11 Surefire Ways to Keep Your Voice Strong & Healthy: Part 1

11 Surefire Ways to Keep Your Voice Strong & Healthy: Part 1

We did a quick survey the other day and found that about 75% of our clients had either completely lost their voice at some stage in their speaking career or at the very least had suffered from vocal strain and tiredness.

Had they been ill? Sometimes, but more often than not this generally happened after they had been speaking for extended periods of time or in situations where the stakes were really high.

Sound familiar? I hasten to add this happened before working with us of course!

So if you’ve ever suffered from vocal strain and tiredness, losing your voice (either partially or completely) for periods of time, or general vocal discomfort, then read on for a few tips on how you may preserve one of your most valuable assets – your voice.

First things first – let’s look at how we can avoid treating our voice badly in the first place.

‘Water is the only drink for a wise man’ Henry David Thoreau

To avoid dehydration and ensure you keep well hydrated drink at least 6 – 8 glasses of water a day.

Remember though, that drinking two litres of water right before a presentation won’t do anyone any favours. Needing to use the facilities five times in an hour can certainly interrupt the flow of your presentation (if you’ll excuse the pun).

Stay hydrated by sipping small amounts of water throughout the day. For the jetsetters amongst you, it is recommended that you increase your water intake in air-conditioned environments or during air travel.

Get rid of the ‘Hmm-hmm bug’

The occasional cough or attempt to clear your throat is certainly natural and can be useful. If you are a habitual offender however (ask your friends and colleagues….you may not even be aware you’re doing it) you run the risk of creating serious vocal discomfort.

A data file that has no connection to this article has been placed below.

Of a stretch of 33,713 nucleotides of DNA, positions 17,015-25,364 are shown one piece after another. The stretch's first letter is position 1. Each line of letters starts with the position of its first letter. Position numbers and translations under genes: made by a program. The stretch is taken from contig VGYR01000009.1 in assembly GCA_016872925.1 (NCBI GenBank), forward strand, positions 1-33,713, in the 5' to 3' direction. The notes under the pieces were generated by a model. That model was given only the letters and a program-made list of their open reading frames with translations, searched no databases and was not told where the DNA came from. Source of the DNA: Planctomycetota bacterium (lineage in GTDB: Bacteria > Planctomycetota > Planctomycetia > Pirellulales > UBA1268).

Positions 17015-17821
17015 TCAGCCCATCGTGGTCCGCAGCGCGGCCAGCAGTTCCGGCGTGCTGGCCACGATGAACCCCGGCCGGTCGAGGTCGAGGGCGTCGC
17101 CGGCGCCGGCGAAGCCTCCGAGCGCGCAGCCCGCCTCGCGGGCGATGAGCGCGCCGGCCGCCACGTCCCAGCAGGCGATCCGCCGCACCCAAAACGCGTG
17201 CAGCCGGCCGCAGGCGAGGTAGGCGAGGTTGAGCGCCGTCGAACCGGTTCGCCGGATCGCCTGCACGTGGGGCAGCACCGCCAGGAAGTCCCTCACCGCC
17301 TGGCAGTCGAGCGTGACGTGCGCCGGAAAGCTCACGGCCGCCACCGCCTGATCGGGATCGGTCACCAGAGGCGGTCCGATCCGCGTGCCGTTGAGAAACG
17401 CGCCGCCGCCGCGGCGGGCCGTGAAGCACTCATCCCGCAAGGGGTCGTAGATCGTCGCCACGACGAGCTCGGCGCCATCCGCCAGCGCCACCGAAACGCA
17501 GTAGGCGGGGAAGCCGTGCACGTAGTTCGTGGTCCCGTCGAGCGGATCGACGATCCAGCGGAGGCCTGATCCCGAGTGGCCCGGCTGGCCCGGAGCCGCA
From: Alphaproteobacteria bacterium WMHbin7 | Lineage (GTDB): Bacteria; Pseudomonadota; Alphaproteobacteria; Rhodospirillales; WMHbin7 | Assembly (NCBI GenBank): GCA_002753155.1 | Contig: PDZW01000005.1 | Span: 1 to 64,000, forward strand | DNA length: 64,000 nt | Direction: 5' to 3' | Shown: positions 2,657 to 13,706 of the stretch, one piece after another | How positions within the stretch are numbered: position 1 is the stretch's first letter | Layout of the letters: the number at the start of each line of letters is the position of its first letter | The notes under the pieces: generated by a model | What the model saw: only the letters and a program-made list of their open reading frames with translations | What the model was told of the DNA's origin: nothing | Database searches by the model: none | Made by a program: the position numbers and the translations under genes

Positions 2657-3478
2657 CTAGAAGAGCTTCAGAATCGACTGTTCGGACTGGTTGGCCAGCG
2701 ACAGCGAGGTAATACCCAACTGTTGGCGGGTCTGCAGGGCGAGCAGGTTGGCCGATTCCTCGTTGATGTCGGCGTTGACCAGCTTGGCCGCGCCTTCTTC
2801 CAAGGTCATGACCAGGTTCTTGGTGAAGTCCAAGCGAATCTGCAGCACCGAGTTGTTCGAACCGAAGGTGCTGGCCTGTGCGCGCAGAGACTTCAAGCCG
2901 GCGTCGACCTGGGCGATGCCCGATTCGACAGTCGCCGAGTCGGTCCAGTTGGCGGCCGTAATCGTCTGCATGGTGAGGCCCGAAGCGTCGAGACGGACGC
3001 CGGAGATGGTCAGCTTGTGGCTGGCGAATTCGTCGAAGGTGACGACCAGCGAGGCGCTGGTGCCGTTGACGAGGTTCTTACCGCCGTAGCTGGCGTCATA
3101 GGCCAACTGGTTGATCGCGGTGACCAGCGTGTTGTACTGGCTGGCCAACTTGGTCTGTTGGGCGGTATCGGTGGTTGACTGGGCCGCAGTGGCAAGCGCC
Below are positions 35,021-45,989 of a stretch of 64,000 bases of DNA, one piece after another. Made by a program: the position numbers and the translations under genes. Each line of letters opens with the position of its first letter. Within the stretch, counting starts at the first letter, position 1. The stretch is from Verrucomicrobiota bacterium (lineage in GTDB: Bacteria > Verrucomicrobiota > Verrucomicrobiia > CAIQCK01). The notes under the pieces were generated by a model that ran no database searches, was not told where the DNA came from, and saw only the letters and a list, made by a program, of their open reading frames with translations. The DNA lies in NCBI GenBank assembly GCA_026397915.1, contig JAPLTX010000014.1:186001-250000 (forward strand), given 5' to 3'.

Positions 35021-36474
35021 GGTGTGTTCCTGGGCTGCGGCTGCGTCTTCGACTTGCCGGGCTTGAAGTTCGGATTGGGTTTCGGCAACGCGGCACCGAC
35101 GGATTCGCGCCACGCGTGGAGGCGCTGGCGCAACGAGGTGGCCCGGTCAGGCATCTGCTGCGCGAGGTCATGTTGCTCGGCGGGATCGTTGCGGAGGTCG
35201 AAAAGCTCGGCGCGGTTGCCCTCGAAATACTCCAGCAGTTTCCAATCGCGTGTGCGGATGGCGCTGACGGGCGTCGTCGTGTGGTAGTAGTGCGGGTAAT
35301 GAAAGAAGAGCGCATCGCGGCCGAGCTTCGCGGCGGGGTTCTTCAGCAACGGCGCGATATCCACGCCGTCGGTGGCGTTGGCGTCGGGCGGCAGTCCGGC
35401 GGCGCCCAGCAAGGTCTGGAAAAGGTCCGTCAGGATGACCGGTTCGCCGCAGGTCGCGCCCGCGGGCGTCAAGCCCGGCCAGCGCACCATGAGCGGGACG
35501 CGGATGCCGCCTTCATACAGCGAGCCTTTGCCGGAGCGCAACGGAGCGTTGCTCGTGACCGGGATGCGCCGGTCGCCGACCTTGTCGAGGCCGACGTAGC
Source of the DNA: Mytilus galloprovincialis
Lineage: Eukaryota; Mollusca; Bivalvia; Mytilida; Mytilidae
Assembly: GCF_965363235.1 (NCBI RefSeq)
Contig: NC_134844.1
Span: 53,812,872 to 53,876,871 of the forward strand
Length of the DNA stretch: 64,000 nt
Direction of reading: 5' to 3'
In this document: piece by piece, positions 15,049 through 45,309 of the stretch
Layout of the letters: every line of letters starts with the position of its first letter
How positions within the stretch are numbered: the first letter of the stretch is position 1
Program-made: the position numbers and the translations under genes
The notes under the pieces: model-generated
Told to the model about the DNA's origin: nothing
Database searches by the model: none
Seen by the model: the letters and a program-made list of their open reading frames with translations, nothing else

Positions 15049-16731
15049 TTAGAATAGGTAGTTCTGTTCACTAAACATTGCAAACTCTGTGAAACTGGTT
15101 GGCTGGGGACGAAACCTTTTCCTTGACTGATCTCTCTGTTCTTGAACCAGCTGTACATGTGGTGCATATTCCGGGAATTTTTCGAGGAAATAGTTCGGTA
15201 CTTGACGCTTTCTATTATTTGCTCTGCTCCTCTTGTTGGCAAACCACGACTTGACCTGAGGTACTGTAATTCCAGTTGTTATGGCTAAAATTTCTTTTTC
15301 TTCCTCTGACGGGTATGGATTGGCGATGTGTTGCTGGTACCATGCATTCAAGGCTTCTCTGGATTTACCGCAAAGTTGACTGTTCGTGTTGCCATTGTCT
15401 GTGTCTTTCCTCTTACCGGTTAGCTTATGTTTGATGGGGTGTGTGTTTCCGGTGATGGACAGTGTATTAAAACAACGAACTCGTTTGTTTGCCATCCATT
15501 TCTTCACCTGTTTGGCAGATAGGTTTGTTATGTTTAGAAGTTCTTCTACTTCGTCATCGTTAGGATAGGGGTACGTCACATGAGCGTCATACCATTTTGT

Over a period of time this can irritate and inflame your vocal folds (also known as vocal cords) Instead, try to break the cycle by swallowing, or taking a sip of water whenever you feel the urge.

It’s a tough habit to break (speaking from experience) but your voice will thank you for it.

Moderate your caffeine intake

I certainly wouldn’t be one to deny you your ‘cup of joe’ of a morning, so we’re talking excessive caffeine consumption here.

Caffeine is both a stimulant and a diuretic, which as you’ll appreciate is not a great combination when trying to achieve a focused, connected presentation.

Stress – the nemesis of a healthy voice

Basically, whatever is good for your health and wellbeing is generally good for your voice. The opposite is also true.

As many of us have experienced, emotional stress can make us tense.

Unfortunately, our voices tend to reflect that tension. Wherever possible, try and address what is causing any excessive stress levels – both for your health and that of your voice.

How strange – I found my voice left the party before I did!

Speaking (or shouting) over excessive background noise for long periods of time can lead to vocal strain which may result in voice loss.

Going to a gig, having a few drinks in a crowded bar and cheering at your favourite sports game can be unavoidable at times – after all, life is for living – so as far as possible, try to maintain healthy vocal use and perhaps zip your lip if a major presentation is due the next day!

Temper the temptation to tipple

Ahem. Excuse us for stating the obvious here, but perhaps it may be wise to avoid excessive alcohol intake when speaking.

Alcohol not only dehydrates the body and voice, but also leads to losing a sense of how the voice is being used (remember Cousin Barry’s best man speech where he confessed to being in a relationship with the bride for the last eleven years??).

Last….but certainly not least!

You guessed it…smoking.

Smoking affects the voice by irritating the mucous membrane linings of your respiratory tract and larynx. Further to this, smoking leads to long-term damage of the lungs, which prevents essential vocal support.

There is the argument of course that smoking contributes to a husky, somewhat sexy vocal quality…personally, I’ve never been too sure how that measures up against the bad breath, discoloured teeth, vocal, lung, heart and circulation damage.

Speaking from experience, quitting smoking can be a tough one to crack …but it is possible.

OK – now you know what not to do – stay tuned for our next post where we investigate how you can stay on top of  maintaining optimum vocal health and power.

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